While energy companies here in the U.S., including ExxonMobil, balk at any discussion of climate change, one company north of the border is embracing a shareholder resolution that would require the public disclosure of information about its future climate-related performance.
Suncor, a US$ 31 billion (CAD$40 billion) integrated energy giant based in Calgary, Alberta, is advising its shareholders to vote “yes” on a proposal that mandates the company to disclose how it is moving forward as the world turns toward a low-carbon economy. The results will be officially announced at Suncor’s annual meeting in Calgary next month.
Critics of Alberta’s oil sands development, which despite current low energy prices is set to increase both in production and carbon emissions, will be encouraged by the decision of Suncor’s management to avoid a fight over this proposal. The company is a perennial a target of criticism by advocacy groups across Canada, including Sum of Us, which has long slammed the company’s sustainability performance.
Recent political and economic realities, however, have besieged oil sands investors. Oil prices have long helped fuel Canada’s economic growth, but worldwide prices have plunged over the past 18 months, and in turn that trend has made oil sands extraction far less profitable.
Meanwhile, Canadians did a 180-degree turn last year, bouncing Conservative Prime Minister Stephen Harper from office after an almost 10-year run in favor of Justin Trudeau, who recently said Canada would align with the U.S. on climate change policies. Trudeau has suggested that Canada implement a nationwide carbon tax, but the details have left individual provinces bickering amongst themselves and the federal government.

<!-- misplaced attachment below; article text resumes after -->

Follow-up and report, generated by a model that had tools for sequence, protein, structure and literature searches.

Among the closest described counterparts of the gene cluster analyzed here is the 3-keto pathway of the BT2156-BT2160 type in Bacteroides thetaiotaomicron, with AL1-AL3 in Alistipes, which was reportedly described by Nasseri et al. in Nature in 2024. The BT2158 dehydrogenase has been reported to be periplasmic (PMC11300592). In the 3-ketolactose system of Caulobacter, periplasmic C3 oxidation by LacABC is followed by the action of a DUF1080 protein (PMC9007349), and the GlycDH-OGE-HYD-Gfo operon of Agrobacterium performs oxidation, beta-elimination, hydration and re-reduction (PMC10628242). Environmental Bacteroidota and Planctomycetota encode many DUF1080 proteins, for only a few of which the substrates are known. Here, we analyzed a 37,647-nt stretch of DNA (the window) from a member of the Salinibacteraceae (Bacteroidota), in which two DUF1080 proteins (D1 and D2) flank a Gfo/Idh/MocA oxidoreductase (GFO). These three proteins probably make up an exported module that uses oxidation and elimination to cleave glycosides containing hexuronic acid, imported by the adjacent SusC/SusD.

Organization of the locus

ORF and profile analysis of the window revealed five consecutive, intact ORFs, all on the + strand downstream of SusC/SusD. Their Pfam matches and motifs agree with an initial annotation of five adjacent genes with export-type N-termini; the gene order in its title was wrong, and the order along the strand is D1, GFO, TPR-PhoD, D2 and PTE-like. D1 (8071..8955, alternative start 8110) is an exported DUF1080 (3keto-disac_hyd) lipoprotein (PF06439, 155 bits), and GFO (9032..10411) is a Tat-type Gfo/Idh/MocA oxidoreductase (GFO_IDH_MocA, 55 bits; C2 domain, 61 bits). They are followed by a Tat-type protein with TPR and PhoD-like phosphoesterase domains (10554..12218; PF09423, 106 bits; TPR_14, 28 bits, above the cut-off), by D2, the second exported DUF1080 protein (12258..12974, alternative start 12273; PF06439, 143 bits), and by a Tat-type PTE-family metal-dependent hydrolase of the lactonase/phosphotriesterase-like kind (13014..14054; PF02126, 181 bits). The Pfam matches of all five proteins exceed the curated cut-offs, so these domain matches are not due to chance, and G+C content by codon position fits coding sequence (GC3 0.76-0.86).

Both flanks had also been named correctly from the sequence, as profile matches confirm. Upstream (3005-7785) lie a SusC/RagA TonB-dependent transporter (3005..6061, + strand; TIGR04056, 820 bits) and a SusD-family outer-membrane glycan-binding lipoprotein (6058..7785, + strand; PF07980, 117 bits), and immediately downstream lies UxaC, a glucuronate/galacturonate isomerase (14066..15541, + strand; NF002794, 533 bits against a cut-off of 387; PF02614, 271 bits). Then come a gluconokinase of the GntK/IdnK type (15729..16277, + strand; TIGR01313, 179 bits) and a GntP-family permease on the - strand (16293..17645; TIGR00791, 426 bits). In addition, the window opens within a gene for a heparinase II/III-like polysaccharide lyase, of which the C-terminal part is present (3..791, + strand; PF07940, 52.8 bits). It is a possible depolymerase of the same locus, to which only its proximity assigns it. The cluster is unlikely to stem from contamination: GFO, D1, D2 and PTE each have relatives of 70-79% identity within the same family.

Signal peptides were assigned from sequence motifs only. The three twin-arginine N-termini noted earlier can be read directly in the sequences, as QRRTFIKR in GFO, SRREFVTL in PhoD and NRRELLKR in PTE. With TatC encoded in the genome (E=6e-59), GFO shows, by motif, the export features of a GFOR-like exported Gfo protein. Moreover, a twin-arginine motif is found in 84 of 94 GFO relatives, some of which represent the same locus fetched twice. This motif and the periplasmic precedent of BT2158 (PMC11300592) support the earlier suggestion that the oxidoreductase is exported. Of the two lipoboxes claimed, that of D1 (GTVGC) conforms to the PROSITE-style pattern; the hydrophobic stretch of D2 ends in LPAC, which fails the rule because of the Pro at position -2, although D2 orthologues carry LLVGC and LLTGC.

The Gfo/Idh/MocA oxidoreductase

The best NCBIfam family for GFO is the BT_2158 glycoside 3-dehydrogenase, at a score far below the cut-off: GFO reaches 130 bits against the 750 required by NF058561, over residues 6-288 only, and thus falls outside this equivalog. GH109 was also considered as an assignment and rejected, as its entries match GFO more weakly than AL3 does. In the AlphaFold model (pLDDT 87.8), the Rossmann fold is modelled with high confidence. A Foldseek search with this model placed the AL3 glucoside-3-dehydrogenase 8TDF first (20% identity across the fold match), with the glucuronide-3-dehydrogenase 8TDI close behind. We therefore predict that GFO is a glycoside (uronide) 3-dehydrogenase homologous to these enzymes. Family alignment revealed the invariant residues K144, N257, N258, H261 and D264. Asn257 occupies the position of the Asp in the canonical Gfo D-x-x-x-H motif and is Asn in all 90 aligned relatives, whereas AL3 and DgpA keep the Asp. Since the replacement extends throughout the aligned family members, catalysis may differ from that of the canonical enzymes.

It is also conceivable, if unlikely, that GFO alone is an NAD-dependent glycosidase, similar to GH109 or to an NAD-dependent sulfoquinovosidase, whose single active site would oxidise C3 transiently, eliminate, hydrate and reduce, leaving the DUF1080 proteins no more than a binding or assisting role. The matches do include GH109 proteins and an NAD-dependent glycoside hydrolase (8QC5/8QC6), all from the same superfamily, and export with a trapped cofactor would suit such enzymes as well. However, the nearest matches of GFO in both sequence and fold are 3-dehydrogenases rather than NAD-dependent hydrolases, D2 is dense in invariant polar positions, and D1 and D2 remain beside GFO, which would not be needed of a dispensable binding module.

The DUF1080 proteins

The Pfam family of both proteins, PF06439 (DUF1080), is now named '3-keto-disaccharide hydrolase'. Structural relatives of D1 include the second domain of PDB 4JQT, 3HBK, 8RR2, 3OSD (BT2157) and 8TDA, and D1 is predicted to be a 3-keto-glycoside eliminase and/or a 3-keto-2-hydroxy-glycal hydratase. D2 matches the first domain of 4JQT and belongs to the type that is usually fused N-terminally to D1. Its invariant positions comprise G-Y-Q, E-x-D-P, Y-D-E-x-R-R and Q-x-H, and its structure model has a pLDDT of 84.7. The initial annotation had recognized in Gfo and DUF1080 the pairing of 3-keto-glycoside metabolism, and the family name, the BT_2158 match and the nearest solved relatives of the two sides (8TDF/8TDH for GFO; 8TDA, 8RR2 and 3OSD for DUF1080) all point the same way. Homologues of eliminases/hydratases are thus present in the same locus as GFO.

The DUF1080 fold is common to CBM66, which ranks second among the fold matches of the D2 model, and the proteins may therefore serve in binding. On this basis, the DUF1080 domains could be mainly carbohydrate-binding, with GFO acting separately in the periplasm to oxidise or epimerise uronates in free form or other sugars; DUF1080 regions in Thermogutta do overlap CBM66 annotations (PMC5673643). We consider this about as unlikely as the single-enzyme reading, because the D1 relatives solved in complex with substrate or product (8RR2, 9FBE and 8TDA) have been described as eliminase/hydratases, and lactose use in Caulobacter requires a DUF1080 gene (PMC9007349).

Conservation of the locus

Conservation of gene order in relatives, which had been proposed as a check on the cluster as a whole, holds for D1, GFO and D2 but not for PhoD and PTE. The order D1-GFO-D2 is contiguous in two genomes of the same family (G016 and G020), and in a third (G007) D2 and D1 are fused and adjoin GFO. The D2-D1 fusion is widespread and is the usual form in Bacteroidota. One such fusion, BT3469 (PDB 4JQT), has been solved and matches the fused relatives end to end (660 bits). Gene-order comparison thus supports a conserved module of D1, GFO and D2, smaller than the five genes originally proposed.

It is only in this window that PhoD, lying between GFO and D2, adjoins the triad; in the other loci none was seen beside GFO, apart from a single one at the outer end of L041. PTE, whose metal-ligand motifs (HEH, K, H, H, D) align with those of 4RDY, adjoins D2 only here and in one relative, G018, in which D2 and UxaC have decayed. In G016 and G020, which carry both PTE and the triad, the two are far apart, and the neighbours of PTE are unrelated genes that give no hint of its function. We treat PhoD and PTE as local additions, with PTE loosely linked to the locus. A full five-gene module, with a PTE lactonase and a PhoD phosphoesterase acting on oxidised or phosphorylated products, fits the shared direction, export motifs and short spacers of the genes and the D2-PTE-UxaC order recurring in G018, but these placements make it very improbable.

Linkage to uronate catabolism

To that end, Suncor’s CEO, Steve Williams, said on Tuesday that a carbon tax is the type of policy needed in order to move aggressively against climate change — a stance the company says it has taken since 2011.
Hence, while insisting that the oil sands are integral to meeting Canada’s energy needs, the company acknowledges that it “has a responsibility to address the environmental impacts of its operations and it strives to continuously raise the bar on environmental performance.” The resolution was proposed by NEI Investments, a mutual fund company based in Toronto.
Despite Suncor’s board and management’s encouragement for its supporters to vote for this shareholder resolution, the company is hardly shying away from its oil sands operations. In fact, on Tuesday the company announced the completion of its US$3 billion acquisition of Canadian Oil Sands, a company that had long extracted crude oil from the Athabasca oil sands in northeast Alberta. The company has a 50-year history of investment in the region and takes credit for innovation that has allowed the process of oil sands extraction and refining to become far more efficient and less carbon intensive.
As environmentalists point out, however, while the oil sands sector has become more efficient, it has also harvested far more oil, with a resulting emissions spike over the past few years.
Curiously, while suggesting to shareholders that they support more aggressive disclosures related to climate change, Suncor insists that they vote "no" on a proposal that would require the company to report on its lobbying activities and the amount it spends on such communications. Clearly those activities could be related to energy policy, but the company’s board and management insist that its disclosures are already sufficient. The company’s overall stance will not mollify all of its critics, but Suncor’s acceptance of climate change as a risk should send a message to its competitors —north and south of the border.
Image credit: Suncor (Flickr)
Leon Kaye has written for TriplePundit since 2010, and became its Executive Editor in 2018. He is also the Director of Social Media and Engagement for 3BL Media. His previous work can be found at The Guardian, Sustainable Brands and CleanTechnica. Kaye is based in Fresno, CA, from where he happily explores California’s stellar Central Coast and the national parks in the Sierra Nevadas. He's lived in South Korea, the United Arab Emirates and Uruguay, and has traveled to over 70 countries. He's an alum of the University of Maryland, Baltimore County and the University of Southern California.